Seven years ago, one Friday morning, Ms Winrose Muthee, 34, who lives in Marurui, Thome, Nairobi County, was expecting her first-born, a baby boy she later named Declan Munene.
“My water broke at around 10am. My girlfriend, who had come over, rushed me to Nairobi Women’s Hospital, but the registration procedures there were complicated and the line was too long.
“At Ruaraka Uhai Neema Hospital, I was all alone, because they have a policy that does not allow any family member or friend when you go into labour. My friend was sent away when we arrived.
“I did not dilate easily. They gave me tablets and shots, but nothing was happening, I asked for a Caesarean delivery, but the two nurses attending to me refused.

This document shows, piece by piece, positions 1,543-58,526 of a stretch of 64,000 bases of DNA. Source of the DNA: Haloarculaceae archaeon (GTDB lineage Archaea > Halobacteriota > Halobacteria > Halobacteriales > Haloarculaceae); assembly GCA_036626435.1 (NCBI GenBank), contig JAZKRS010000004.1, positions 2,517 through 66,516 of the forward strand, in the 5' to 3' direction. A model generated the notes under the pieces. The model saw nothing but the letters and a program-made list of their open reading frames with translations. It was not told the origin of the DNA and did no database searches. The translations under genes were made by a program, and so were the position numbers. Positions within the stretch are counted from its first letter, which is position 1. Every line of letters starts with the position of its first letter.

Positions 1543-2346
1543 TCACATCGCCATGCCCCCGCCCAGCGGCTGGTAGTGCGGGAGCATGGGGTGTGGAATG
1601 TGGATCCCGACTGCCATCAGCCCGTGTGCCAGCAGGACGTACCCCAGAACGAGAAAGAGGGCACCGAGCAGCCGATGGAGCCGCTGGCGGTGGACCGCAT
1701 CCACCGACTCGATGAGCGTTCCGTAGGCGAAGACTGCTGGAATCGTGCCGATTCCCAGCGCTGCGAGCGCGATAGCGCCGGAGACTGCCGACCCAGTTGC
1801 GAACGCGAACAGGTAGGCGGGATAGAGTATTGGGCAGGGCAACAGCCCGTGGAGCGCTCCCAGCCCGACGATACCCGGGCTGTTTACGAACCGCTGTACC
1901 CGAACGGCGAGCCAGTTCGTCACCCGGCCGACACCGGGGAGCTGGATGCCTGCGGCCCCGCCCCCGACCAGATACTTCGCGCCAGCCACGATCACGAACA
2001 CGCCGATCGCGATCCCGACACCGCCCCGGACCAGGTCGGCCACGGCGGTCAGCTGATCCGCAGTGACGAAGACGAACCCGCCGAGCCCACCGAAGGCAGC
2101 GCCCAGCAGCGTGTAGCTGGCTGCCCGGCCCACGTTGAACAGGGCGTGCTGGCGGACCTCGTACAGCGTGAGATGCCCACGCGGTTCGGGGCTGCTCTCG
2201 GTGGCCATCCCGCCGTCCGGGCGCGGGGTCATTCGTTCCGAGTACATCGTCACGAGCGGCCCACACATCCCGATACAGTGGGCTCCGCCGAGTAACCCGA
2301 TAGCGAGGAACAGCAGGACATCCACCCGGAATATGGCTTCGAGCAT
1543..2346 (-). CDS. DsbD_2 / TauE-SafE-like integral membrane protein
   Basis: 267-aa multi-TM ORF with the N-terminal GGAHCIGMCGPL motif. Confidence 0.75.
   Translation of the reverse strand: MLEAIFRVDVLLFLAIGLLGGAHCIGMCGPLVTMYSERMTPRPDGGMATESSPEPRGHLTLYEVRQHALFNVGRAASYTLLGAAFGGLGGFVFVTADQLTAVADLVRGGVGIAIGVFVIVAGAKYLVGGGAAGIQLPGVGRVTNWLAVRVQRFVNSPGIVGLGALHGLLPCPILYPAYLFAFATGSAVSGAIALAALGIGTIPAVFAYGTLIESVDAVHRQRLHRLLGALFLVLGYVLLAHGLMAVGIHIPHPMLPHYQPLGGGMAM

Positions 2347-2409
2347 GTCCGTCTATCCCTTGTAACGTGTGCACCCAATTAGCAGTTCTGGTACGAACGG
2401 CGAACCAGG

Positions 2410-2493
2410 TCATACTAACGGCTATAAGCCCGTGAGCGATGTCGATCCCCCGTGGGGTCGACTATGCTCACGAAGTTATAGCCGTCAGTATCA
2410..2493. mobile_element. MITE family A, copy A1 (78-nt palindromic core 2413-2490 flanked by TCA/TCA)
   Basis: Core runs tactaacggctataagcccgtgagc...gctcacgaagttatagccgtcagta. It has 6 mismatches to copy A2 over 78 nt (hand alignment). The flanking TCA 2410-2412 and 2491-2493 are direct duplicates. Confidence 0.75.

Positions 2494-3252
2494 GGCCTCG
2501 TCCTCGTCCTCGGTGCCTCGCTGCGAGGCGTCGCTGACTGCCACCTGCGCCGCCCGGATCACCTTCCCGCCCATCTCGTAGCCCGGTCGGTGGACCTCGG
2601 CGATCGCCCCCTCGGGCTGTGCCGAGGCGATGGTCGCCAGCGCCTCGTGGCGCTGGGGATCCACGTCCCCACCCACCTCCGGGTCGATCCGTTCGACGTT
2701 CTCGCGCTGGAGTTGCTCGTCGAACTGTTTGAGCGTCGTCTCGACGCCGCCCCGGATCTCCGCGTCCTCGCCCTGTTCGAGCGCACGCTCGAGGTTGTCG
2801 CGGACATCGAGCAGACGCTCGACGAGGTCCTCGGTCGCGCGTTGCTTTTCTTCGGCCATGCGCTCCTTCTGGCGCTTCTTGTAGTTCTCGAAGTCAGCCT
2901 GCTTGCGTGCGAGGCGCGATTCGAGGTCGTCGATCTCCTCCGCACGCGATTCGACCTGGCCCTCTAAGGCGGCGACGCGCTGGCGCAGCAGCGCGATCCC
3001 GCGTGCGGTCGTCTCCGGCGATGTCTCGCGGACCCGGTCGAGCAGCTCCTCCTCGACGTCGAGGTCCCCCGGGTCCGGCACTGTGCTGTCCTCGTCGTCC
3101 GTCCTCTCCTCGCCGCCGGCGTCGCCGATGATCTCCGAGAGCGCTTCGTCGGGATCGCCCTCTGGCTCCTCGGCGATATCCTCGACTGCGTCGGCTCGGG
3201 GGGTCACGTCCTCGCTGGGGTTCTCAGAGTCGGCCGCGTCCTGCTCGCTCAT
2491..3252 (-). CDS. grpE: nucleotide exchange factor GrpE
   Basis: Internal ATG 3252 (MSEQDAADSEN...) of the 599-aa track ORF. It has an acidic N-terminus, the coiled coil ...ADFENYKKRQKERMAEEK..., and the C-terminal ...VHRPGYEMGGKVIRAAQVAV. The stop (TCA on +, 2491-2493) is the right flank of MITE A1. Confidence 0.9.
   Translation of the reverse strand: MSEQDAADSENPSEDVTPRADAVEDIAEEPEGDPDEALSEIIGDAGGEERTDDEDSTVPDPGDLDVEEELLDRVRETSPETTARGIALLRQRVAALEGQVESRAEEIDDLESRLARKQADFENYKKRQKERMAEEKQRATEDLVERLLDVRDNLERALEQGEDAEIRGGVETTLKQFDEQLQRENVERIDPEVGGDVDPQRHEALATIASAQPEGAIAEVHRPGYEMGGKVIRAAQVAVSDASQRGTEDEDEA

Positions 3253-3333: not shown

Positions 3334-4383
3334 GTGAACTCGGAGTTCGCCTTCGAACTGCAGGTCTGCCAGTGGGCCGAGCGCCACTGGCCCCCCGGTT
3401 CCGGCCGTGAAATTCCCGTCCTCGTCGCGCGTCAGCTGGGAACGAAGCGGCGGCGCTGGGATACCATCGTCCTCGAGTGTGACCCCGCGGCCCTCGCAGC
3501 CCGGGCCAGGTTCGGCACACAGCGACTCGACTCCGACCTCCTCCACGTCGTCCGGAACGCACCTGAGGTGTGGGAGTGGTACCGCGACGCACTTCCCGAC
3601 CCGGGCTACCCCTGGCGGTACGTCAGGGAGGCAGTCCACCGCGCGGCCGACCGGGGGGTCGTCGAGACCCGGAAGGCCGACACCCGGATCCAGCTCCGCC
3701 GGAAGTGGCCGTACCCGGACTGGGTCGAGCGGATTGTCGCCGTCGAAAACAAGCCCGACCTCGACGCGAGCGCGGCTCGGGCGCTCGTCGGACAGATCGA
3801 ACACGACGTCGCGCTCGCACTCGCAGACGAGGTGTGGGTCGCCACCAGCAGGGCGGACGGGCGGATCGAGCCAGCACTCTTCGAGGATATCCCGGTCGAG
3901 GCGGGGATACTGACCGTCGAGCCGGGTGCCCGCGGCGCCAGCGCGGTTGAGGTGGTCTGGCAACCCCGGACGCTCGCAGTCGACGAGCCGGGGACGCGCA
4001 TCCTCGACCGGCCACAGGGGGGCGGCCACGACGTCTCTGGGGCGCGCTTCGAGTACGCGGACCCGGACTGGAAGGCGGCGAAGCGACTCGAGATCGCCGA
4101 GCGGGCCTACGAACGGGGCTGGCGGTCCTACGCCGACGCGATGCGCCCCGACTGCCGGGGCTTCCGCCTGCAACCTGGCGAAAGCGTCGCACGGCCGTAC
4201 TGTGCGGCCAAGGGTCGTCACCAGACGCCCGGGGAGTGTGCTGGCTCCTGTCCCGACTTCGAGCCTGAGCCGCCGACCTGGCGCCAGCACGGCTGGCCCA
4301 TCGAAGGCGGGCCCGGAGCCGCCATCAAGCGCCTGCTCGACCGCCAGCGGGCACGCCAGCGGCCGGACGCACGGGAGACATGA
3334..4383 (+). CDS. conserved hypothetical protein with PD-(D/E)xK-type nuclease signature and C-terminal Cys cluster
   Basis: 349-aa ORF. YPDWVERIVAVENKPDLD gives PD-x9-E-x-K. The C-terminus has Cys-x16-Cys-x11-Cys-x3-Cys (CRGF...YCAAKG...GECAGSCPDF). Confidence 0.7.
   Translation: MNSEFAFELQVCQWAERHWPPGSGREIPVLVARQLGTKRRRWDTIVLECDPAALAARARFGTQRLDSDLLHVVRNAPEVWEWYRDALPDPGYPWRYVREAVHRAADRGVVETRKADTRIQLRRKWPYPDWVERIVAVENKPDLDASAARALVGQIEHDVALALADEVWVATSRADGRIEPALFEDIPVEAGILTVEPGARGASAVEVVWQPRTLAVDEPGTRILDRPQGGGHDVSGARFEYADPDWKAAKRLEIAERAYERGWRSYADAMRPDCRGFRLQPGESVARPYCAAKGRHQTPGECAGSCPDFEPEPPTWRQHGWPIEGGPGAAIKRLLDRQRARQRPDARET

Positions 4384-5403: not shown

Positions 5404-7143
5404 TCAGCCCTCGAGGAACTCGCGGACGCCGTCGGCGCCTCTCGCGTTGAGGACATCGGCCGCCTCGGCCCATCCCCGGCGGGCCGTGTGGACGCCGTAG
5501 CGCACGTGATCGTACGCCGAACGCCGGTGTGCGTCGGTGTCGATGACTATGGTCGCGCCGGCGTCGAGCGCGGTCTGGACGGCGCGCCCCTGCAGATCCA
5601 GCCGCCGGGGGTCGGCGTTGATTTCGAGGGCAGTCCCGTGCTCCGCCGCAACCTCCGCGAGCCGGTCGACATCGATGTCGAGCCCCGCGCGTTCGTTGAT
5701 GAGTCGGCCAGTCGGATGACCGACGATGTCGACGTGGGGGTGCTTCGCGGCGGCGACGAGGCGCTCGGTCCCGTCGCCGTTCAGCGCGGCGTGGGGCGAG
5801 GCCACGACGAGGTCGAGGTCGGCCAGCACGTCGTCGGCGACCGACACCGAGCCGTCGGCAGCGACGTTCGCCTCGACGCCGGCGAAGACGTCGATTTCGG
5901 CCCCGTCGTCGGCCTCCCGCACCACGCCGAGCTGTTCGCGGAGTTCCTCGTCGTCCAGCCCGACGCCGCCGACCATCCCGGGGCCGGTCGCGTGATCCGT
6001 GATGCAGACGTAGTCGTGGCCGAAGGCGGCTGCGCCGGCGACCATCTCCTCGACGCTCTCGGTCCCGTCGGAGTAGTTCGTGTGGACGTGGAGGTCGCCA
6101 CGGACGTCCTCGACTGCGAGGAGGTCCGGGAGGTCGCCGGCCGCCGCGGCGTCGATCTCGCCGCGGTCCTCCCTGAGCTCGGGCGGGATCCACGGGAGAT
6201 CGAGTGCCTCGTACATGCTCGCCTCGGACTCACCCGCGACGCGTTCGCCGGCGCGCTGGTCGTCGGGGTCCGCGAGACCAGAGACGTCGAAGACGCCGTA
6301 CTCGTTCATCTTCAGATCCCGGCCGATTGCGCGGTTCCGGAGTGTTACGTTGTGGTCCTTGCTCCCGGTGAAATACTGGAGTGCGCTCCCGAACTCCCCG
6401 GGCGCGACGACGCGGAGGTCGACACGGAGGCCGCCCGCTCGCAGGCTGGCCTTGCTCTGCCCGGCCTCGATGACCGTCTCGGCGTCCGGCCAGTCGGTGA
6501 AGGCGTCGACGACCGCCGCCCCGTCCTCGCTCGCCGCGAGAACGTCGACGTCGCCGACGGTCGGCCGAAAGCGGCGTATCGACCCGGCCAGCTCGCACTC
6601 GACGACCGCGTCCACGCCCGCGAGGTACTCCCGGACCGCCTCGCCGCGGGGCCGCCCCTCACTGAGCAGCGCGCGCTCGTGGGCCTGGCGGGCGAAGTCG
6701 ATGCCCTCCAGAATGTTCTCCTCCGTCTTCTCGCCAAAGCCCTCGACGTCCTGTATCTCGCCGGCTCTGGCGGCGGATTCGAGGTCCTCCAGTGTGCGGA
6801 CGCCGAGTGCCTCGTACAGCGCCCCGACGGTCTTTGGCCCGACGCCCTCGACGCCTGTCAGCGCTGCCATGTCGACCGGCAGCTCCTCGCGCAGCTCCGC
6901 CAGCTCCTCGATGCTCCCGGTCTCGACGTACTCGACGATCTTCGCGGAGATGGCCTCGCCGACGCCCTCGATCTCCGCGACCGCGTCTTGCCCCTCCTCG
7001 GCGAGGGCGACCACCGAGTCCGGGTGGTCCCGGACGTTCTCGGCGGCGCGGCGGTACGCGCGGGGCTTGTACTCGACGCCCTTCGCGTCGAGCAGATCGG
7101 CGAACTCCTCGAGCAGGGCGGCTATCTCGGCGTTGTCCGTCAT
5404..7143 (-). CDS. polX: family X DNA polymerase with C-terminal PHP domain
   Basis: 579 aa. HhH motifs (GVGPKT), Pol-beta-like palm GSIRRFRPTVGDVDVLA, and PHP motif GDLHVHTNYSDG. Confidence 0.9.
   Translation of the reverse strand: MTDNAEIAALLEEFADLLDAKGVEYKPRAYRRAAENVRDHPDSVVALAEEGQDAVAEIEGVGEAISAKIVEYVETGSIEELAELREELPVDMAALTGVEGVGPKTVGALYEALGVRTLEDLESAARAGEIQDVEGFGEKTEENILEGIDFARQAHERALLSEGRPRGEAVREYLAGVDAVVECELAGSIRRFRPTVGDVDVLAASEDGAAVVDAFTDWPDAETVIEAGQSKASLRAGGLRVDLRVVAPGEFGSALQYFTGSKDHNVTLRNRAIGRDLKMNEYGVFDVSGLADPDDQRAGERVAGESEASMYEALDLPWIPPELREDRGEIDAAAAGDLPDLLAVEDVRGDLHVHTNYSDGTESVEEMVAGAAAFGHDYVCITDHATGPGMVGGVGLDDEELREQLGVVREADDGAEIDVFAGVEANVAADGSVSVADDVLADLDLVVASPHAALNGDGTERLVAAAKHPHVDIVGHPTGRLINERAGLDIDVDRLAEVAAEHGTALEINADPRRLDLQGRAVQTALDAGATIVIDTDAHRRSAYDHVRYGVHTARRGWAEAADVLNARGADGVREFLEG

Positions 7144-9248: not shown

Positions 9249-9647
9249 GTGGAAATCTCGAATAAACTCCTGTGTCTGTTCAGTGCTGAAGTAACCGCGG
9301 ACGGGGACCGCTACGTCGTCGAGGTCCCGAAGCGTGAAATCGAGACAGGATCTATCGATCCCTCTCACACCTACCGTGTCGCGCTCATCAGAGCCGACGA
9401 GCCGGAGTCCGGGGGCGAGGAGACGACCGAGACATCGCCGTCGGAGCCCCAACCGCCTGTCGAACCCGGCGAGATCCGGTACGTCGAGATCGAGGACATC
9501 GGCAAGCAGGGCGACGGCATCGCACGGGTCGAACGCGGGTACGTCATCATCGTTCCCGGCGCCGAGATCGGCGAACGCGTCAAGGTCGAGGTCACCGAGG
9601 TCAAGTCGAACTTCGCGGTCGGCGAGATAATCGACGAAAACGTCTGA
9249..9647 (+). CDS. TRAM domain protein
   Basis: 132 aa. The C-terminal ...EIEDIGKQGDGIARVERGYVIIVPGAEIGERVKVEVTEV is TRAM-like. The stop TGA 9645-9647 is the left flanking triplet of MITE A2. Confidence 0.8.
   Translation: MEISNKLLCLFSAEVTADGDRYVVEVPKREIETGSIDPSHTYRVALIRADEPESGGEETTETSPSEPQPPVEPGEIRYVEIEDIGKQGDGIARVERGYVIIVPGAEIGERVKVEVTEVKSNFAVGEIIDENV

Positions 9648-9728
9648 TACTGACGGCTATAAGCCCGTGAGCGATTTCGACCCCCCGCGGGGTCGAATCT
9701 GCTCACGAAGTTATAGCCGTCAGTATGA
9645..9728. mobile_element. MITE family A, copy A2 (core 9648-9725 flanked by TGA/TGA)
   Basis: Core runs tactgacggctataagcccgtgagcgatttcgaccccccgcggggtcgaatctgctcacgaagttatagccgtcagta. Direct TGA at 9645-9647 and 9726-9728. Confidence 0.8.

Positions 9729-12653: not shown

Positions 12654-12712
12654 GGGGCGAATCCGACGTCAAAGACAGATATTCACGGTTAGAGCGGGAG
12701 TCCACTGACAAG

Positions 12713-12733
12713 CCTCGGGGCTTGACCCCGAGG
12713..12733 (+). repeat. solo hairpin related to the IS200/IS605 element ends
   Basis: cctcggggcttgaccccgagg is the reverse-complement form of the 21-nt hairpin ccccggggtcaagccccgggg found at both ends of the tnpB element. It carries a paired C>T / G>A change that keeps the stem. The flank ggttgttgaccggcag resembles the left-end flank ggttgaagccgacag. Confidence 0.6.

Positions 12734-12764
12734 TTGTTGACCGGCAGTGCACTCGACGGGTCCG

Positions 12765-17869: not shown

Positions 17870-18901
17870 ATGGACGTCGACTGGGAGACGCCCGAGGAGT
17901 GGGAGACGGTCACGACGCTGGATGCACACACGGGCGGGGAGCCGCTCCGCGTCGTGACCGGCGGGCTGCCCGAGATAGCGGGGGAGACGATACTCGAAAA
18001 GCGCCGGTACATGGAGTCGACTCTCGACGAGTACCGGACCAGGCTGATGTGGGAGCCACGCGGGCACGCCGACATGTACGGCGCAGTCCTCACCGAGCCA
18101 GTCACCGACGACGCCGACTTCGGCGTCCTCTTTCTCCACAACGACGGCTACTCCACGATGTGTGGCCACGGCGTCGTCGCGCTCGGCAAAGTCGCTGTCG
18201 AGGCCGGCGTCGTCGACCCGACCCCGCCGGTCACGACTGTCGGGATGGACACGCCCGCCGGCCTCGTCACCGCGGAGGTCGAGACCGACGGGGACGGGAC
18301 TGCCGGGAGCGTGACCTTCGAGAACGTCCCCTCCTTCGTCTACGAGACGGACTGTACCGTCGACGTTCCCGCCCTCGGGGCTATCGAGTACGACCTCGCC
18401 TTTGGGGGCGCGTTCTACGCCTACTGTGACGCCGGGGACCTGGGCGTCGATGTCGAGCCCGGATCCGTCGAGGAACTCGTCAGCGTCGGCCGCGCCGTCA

“The male one kept pushing the baby, trying to force him out by pressing on my tummy, while the lady brought a gadget that she used to pull out my baby. I later learnt that they were attempting something called a vacuum extraction method,” said Ms Muthee.
“Normally, when a baby is born, it cries, but mine did not. I knew there was something wrong. They not only refused to allow me to see or hold my baby, but I also learnt that they had given him a score of 7.8, indicating that he was okay, when he wasn’t.
“I saw them rush the baby to ICU,” says the mother painfully.
Ms Muthee went to Gertrude’s Children Hospital for a diagnosis, and after a series of tests on Declan, it was established that there was a huge swelling on his brain as a result of the outdated methods used during delivery. Declan was diagnosed with cerebral palsy.